Thursday, July 21, 2011

Pollo Italiano (Italian Chicken)

Above: Chicken Saltimbocca

Above: Chicken Parmigiana

I think Italian food is my favorite. Mexican food is a close second (or maybe tied). But I love Italian food with all my heart. When it comes to Italian, I usually make pasta (easy, usually economical, and a pound of pasta goes a long way). But as is evidenced by the many chicken recipes on our blog, I also love chicken--especially when it is done Italian style.

The first recipe is for Chicken Parmigiana. It is so easy, basic, and tasty. A true Italian classic. This particular recipe is an old favorite. I made it, myself, the first time at least 7 years ago. My only warning here is that I fell into the shortcut trap again. I've been so busy with two little boys lately that I keep trying to come up with cooking shortcuts. Some of the shortcuts work out, but honestly, mostly they backfire on me. The shortcut I tried here was to put all of the ingredients for the chicken breading into the blender. The result? The texture of the breading was kind of boring and it actually made it a little less flavorful this time around. I've made this a ton of times over the past seven years. Every other time, I crushed the stuffing (which is the primary ingredient for the breading) with a meat mallet and then added the other breading ingredients. This time, I got lazy...and it just didn't work. But follow the recipe as written and it is to die for. I made this for my husband's grandmother and she proclaimed that it was a recipe "for the books"--a recipe to write down, keep track of, and make again and again.

The second recipe is for Chicken Saltimbocca. I tried it for the first time just last night. My father-in-law planted some mint and sage for me because he knew I liked fresh herbs (what a sweet thing to do!). This was a fun challenge for me, because I am mostly used to using basil, rosemary, thyme, and even chives when it comes to fresh herbs. I've had some fun with the mint (I made a minted pea mash that was lovely and refreshing--I'll have to add it to the blog sometime. I also used the mint in our yummy Greek meatballs, and we used it in our herbed sodas that we made last year too). But I was honestly at a loss for what to do with the sage. I'd never cooked with sage much before. The only recipe that I had come across recently that used sage was for Chicken Saltimbocca...but for one reason or another, I kept putting off making it. Now, my only regret is that I didn't try that recipe sooner!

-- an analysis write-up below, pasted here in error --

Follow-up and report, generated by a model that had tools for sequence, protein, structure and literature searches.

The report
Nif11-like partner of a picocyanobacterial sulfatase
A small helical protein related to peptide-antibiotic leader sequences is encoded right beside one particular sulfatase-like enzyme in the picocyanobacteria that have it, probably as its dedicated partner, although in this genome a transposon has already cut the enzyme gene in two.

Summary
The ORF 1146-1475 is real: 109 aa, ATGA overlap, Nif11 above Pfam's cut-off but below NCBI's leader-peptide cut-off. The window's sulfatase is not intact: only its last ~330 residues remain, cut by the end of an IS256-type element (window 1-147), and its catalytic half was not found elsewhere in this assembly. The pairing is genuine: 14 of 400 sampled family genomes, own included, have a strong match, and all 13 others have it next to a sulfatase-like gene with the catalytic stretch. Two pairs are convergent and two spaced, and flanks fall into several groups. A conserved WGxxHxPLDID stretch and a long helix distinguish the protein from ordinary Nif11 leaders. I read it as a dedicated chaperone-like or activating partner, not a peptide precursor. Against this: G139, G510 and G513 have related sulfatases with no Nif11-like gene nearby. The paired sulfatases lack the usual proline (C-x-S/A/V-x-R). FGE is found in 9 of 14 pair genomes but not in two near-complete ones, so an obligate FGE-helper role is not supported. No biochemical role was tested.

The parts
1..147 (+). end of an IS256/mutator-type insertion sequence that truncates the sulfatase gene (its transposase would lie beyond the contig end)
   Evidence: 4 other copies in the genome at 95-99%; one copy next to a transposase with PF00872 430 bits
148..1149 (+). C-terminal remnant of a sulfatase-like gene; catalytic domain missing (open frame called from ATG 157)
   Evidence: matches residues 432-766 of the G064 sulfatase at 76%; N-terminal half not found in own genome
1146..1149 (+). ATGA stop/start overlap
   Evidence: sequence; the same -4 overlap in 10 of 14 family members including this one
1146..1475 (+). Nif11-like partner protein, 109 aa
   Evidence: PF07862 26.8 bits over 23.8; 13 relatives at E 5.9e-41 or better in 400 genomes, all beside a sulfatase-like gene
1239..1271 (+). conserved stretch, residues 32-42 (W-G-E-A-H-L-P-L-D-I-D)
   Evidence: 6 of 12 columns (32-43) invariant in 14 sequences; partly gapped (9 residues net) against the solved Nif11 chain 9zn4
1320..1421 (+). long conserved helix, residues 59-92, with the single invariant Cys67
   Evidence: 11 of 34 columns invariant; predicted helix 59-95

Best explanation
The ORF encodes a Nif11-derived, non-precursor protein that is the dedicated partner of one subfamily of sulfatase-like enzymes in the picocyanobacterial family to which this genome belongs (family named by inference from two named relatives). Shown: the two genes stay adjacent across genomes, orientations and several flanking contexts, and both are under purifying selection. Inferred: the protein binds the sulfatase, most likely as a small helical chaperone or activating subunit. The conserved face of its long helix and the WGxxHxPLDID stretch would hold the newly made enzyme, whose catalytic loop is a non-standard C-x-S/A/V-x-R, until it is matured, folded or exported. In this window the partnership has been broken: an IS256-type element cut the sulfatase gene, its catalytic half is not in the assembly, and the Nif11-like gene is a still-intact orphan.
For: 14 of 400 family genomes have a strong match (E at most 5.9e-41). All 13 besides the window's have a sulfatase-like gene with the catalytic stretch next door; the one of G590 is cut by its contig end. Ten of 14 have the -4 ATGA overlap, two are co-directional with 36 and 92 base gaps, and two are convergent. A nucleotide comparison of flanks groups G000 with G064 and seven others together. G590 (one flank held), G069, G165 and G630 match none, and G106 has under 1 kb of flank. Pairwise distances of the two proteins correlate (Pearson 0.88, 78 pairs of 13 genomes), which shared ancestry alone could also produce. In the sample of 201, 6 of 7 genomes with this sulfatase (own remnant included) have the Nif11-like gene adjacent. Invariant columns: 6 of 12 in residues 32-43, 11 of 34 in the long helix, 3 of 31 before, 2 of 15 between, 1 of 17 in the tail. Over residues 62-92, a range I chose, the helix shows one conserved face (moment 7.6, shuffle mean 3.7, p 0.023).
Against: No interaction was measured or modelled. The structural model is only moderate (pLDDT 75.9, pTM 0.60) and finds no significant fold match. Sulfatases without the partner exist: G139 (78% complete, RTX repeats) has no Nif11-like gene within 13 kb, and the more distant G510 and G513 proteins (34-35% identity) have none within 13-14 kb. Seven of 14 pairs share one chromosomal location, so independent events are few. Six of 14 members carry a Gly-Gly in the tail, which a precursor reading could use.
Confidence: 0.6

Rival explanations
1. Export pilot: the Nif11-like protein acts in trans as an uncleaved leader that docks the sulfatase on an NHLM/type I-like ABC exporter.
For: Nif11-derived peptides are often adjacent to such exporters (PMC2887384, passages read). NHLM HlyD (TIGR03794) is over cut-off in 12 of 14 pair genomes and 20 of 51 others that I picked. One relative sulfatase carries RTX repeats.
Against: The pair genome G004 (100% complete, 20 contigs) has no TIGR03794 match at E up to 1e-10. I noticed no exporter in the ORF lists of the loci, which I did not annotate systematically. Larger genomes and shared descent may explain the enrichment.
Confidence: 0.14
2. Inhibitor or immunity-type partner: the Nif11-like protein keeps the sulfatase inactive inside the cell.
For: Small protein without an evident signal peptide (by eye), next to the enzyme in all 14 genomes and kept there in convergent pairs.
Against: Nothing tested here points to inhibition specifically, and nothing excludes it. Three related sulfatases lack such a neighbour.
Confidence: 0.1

Oh, and do you want to know a cool thing about mint and sage? They come back every year, so you don't have to keep re-planting them and buying new plants every year. What a perk!

Pair these chicken recipes with a salad or some veggies and a side of pasta and you're set! I hope you like them.

Chicken Parmigiana


1 cup packaged herb-seasoned stuffing mix, crushed (preferably Pepperidge Farms stuffing)
2/3 cup grated Parmesan cheese
1/4 cup snipped parsley
1/4 tsp garlic powder (or to taste)
2 1/2 to 3 lbs. meaty chicken pieces (breasts, thighs, etc.)--you can also use 6 boneless, skinless chicken breasts (which is what I usually do)
1/4 cup butter or margarine, melted


In a shallow dish, combine the stuffing mix, Parmesan cheese, parsley, and garlic powder. Set aside.

Skin the chicken. Brush chicken with butter or margarine. Coat with stuffing mixture.

In a greased 15x10x1 inch or 13x9x2 inch baking pan, arrange chicken so the pieces do not touch.

Bake chicken, uncovered, in a 375 degree oven for 45-55 minutes or until chicken is tender and no longer pink, and an instant-read thermometer inserted in chicken registers 170 degrees F for breast meat or 180 degrees F for thigh meat. Do not turn chicken pieces while baking.

Makes 6 servings.

Source: I have no idea where my Mom found this recipe.